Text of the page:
South City Theatre brings award-winning drama, laughter, and music to Shelby County.   

By Cara Clark
Photos by Steven Ross

For South City Theatre (SCT) Artistic Director Donna Williamson, the theater is an all or nothing enterprise. From her first introduction to the stage, she knew it would be a lifelong commitment. “It seems like that’s the way it is,” she says. “You either love it, and you want to keep doing it, or you hate the whole experience, and you never want to do it again. There really isn’t any middle ground. It’s either you’re all in, or you’re not at all because it’s a lot of work. I remember commenting that this is really a lot of work, but it’s a labor of love.”

South City Theatre’s Artistic Director, Donna Williamson

Smoke on the Mountain Homecoming, a musical performed in July in Alabaster was yet another in a line of hits by SCT, a nonprofit, award-winning community theater, begun in Alabaster by Alan and Francie Gardner in 2000. It was a project they nurtured for 12 years with a goal of promoting the performing arts in Shelby County. When Williamson moved nearby, it felt natural to get involved in SCT, where she was later invited to join the board and eventually to take over for former Artistic Director Sue Ellen Gerrells after her retirement in early 2020.

Williamson, who has appeared in almost 50 productions and directed 10, including the award-winning Doubt, A Parable, took the reins of the theater at a challenging time. While in the midst of rehearsal for The Diary of Anne Frank, the Covid pandemic shut down the world. As a nonprofit, keeping the community involved was crucial. “Over the summer, we came up with the idea of having a game show night,” she says. “The first one we did was a play on the old Match Game, and they were little fundraisers for us. We would have watch parties at 7 p.m. Friday night for people to join in, and we had a lot of theater people involved. But we tried to also get people who weren’t actors or involved in the theaters in any way.”

With the success of Match Game, grants from the state, and support from the Alabama Endowment of the Arts, SCT was able to retain its brick-and-mortar space, as well as its place in the hearts of the community members.

Thankfully the 2023 season has seen a full return to normalcy. “It’s great to have our patrons back,” Williamson says. We’ve got what we feel like is a strong season, and there’s a lot of buzz about it.”

One of the joys of the theater, Williamson says, is the immediate feedback the cast feels from the audience. And with all of the work that goes into learning lines and treading the boards, Williamson believes its crucial to get that input to ensure the comic lines are eliciting laughter and the dramatic moments are resonating. “It gets to a point in the rehearsal process where the actors need an audience, because we know what we think is funny, but that does not mean that the audience will think that the same things are funny,” she says. “We’ll have someone laugh at something that has never been laughed at in any of the shows. And it’s just because it reminds them of something. You just never know what will strike somebody as funny.”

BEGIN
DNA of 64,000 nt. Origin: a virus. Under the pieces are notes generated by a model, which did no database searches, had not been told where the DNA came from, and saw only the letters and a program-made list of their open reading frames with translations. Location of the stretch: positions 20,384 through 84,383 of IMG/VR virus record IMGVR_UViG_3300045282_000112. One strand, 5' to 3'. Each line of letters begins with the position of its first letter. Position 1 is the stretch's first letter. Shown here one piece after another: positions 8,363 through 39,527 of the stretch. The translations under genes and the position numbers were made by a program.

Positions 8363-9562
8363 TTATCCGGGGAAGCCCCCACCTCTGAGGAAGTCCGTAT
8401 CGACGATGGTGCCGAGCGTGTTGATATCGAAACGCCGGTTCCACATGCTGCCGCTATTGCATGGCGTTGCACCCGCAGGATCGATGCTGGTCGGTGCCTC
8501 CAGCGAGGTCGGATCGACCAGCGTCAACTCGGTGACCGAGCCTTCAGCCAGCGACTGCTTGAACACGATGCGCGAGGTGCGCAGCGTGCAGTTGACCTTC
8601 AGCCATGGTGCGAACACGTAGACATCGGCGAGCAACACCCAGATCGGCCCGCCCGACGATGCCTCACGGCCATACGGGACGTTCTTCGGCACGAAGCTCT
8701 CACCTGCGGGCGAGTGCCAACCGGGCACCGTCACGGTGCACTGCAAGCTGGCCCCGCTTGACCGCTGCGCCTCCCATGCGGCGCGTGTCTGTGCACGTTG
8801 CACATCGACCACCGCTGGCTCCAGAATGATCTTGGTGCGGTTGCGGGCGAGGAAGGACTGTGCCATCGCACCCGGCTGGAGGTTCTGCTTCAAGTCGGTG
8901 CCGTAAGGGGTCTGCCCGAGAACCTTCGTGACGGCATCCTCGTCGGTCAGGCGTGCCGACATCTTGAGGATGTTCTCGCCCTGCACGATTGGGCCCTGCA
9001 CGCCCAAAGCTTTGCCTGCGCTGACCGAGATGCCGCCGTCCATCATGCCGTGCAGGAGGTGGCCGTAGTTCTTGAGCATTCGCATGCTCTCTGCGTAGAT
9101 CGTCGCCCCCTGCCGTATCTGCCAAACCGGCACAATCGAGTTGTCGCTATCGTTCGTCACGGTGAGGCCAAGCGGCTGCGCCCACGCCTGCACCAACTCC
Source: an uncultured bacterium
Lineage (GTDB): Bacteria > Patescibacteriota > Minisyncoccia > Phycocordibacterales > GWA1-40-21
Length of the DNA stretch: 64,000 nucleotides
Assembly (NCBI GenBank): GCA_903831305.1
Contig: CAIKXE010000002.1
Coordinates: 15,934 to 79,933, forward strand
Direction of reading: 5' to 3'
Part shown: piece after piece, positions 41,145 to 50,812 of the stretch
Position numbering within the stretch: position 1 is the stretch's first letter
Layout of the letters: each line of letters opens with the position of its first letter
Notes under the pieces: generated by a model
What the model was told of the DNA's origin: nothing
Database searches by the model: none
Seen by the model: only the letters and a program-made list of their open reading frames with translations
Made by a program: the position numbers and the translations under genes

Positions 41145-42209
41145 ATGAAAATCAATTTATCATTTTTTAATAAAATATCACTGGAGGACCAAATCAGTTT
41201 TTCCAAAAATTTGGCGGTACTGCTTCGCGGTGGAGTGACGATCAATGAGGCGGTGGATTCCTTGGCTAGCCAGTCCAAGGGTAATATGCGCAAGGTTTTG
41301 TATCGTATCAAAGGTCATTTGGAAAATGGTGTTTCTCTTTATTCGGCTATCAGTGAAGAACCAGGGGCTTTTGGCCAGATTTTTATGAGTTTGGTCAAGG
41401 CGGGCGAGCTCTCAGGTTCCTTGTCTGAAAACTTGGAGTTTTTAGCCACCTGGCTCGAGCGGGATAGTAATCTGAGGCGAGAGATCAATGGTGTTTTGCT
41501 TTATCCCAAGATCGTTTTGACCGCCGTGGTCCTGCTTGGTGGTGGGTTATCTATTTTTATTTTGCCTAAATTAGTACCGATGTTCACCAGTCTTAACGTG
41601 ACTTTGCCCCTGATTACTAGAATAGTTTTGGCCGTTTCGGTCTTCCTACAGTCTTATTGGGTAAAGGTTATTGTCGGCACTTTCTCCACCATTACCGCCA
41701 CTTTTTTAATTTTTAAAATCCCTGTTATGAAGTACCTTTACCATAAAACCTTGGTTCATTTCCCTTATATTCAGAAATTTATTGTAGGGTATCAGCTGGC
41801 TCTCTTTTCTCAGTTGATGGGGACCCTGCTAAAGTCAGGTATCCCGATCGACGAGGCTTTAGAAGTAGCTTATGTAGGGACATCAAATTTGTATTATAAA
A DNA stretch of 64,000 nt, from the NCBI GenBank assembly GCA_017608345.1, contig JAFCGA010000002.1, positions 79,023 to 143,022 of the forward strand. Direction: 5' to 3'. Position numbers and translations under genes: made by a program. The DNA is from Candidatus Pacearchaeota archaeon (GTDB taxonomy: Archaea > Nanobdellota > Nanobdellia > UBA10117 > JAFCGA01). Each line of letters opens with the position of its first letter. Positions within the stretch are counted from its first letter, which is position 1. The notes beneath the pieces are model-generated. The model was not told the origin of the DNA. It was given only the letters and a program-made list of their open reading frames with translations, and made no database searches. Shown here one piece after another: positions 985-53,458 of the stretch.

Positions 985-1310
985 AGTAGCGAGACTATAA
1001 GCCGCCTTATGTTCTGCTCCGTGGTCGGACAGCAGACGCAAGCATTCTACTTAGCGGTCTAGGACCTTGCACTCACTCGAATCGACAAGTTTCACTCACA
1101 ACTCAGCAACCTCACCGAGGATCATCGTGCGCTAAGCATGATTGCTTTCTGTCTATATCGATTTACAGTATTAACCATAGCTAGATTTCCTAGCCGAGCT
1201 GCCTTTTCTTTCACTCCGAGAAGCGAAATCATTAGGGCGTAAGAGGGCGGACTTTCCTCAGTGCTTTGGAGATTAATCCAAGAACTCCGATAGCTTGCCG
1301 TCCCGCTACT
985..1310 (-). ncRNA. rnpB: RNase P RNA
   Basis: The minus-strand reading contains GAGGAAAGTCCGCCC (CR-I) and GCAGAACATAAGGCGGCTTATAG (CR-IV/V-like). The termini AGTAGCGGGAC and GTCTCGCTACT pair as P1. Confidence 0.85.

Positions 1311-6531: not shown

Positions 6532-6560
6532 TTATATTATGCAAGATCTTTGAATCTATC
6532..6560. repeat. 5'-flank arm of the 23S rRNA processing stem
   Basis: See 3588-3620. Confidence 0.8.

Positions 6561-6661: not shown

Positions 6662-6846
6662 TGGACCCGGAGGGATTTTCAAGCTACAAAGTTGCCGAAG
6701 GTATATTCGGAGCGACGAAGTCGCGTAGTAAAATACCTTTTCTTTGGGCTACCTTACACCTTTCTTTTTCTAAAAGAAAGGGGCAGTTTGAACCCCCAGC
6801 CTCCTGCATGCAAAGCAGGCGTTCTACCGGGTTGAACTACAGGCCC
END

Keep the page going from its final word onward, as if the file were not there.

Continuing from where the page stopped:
To keep a finger on the pulse of the audience reactions, as a director, Williamson likes to be in the audience to feel and see the ebb and flow. “I’ll stand back, but I can see how they’re reacting to things,” she says. “That’s interesting because I can give the cast feedback. I can say, ‘Yes. They’re really quiet, but they’re with you.’”

Williamson is already looking ahead to the theater’s 25th anniversary in 2025, when a gala will be planned for the quarter-of-a-century festivities. Among the significant accomplishments to celebrate is engendering a love of theater and performance among the community’s youth ages eight to 19. “We have very active children’s programs with workshops in the fall and in the spring,” Williamson says. “In the fall, they do a musical, and in the spring, it’s a straight play. In the summer, we have a two-week camp where they learn playwriting, makeup, costuming, and all sorts of things. It pretty much encompasses everything you need to know about theater.” At the end of two weeks, campers have a showcase where they perform songs or dances and a puppet show. Some write and perform their own plays.

SCT produces six main-stage plays each year and special events attracting approximately 3,000 audience members annually with more than 200 productions on its main stage and in its children’s programs. The theater has won “Best in Show” at recent state festivals and represented Alabama at the Southeastern Theatre Conference with Driving Miss Daisy, Agnes of God, Sylvia, Doubt, and ‘night, Mother.

Smoke on the Mountain

Smoke on the Mountain Homecoming showcased the remarkable talents of Madelyn Harbison, Jim Billings, Clint Neville, Jess Smyly, Ryan Gerrells, Nancy Moore Estes, and Michael Wilbanks.  Directed by Sue Ellen Gerrells, with musical direction by William Harper and accompanied on piano by John Allen Bankson, audiences were treated to harmonious voices, infectious energy, and genuine chemistry displayed on stage. The musicals were performed this past July at The Episcopal Church of the Holy Spirit on Kent Dairy Road and the First United Methodist Church of Alabaster.

For more information, visit South City Theatre’s website at